sfOn the positive side, I’ve discovered that Neutrogena Sport Face Sunscreen Lotion SPF 70+  makes a marvelous moisturizer. It’s the only thing I wear now, pool time or otherwise.

13 thoughts on “How I Learned To Relax And Love the UV Index”

  1. Fuckety fuck. That sucks majorly. I know someone who weathered this. But it sucks. Clothe thyself and cocktail. Oh and a prayer for you.

  2. Well, Cripes, Suzie, I’ve suffered with basal cell skin crap since I was 20, flash forward to 72, I have another basal “thing” on my nose that needs MOH and a plastic surgeon to close it. Great. I keep putting it off. Did I tell you I’m 72, I’ve already beat the odds as a smoker and a drinker for decades. That thing on my nose may kill me in 20 years or so? LOL. my lungs and kidneys wiil give out first 😀

    1. Thanks for sharing that, Denise. I do credit this turn of events with pushing me to finally retire. I worked 2 years past retirement age and had been pondering retirement but I was reluctant to give up the “big(ger) money” after I worked for chicken feed most of my life. This made me realize I have other things I want to do besides being a corporate drone 24/7 x 20 years.

  3. Oh, I’m sorry to hear this! I’m sure the doctors will keep a close eye on you. I echo frothingatlemouse’s comments!

    Thank you for the recommendation on the sunscreen lotion. Two years ago, I had MOHS surgery on my forehead and ended up with 155 stitches as the surgeon put my forehead back together. I’ve had a bunch of the basal cell stuff from age 19 on. Doctors always ask where I grew up and when I tell them the Southwest, they just nod their heads — I’m from the era when Mom sent you outside in the morning, brought you a sandwich at lunch, and you went home to dinner. The only time we wore “suntan lotion” was when we went to the pool. Rest of the time we were out in the sun w no protection.Who knew?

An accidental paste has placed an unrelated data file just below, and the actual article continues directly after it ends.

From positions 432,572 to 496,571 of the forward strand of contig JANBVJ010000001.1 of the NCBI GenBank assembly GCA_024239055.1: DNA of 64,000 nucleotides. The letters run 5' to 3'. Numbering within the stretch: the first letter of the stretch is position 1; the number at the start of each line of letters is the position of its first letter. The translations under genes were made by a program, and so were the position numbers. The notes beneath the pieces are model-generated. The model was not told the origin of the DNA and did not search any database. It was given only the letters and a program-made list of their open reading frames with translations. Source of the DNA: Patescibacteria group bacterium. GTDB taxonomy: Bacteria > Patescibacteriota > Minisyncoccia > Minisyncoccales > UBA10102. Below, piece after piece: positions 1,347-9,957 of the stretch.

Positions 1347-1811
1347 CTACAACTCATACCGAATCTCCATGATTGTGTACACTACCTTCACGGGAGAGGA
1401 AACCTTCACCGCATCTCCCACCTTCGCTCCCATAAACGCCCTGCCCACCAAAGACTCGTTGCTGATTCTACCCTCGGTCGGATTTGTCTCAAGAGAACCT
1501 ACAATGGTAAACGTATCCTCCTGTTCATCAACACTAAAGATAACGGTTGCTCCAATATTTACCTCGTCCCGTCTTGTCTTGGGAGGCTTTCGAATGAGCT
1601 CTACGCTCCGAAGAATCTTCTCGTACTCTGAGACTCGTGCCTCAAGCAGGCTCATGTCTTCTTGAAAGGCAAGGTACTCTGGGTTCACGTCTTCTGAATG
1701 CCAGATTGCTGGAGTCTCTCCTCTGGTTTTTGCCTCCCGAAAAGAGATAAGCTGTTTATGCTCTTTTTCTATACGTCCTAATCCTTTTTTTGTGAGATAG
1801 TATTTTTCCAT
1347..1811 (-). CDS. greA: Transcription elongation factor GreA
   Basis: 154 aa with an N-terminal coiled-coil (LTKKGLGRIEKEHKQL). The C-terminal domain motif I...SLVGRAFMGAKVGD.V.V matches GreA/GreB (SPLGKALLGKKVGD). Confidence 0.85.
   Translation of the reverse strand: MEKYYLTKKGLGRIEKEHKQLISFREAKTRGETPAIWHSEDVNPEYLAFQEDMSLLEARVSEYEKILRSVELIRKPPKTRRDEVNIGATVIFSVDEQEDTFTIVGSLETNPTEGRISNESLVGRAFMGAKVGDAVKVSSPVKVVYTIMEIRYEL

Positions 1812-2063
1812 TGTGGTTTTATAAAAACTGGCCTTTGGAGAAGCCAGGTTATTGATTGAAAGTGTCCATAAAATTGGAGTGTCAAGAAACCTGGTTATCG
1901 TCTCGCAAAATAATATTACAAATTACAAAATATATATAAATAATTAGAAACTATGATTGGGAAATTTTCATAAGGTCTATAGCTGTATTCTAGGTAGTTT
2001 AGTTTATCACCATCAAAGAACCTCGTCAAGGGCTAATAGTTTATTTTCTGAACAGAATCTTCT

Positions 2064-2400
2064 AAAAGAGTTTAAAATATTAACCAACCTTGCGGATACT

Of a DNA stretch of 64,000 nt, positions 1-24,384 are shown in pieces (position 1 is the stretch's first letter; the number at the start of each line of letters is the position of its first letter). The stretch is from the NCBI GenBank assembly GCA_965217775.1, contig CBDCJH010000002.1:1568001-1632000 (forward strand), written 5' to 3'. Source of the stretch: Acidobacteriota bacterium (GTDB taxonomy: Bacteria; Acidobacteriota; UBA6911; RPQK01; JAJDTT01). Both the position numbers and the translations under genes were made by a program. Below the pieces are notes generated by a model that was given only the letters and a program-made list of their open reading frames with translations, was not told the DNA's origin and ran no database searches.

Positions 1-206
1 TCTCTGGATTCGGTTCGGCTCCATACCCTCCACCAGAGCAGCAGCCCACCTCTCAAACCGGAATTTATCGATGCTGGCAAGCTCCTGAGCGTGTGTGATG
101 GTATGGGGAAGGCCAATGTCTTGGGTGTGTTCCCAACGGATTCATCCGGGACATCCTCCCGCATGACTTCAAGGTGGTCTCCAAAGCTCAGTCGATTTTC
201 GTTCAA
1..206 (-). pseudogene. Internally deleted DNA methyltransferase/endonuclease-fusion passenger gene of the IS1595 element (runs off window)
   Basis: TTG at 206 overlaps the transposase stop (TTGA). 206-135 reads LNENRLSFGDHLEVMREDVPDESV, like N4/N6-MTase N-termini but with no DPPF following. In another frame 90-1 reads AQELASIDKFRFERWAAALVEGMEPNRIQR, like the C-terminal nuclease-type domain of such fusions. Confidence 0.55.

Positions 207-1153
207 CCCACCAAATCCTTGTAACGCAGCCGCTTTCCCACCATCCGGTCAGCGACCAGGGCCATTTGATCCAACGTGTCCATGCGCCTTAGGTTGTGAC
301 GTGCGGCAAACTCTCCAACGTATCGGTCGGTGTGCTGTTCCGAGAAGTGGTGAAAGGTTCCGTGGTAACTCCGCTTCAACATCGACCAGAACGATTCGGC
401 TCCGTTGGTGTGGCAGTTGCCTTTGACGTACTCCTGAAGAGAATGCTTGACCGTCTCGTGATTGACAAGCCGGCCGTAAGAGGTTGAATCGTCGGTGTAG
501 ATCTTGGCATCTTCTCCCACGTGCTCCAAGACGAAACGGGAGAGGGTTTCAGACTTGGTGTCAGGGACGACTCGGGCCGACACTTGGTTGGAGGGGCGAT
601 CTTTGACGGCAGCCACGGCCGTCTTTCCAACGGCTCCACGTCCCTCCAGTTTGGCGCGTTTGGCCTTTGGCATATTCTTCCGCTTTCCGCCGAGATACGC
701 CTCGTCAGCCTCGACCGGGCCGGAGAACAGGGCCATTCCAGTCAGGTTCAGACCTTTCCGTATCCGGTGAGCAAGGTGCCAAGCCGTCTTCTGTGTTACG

4. oh dear, i’m very very sorry to hear that. I had a basal thingy removed vis MOHs from my bald spot about 10 years ago. On the plus side, it wasn’t malignant. On the really really plus side, they scooped out a chunk of the top of my head with the MOHs melonballer, and when they sewed it all back together and pulled it tight to close the gap they gave me a wonderful facelift, so byebye crow’s feet!

  5. Yikers! I’m sorry about the C train, Suz. That’s quite a kick in the tush (and arm, apparently). Sending love and SPF. xoxo

  6. Gosh, so sorry to hear this! Just yesterday my daughter sent me a selfie (she lives by the beach in San Clemente, CA) and she is waaaay over tanned since she is learning to surf and has started to kayak as well. I am going to recommend the face sunscreen you are using. As for your swimwear, I hear the “burkini” is making quite the splash in Sports Illustrated this year 😉

  7. My MOHS surgeries are too numerous to mention,but I know why. Melanoma is… a whole other class of nasty. Praying those great doctors know what’s they’re doing and you heal with no other instances.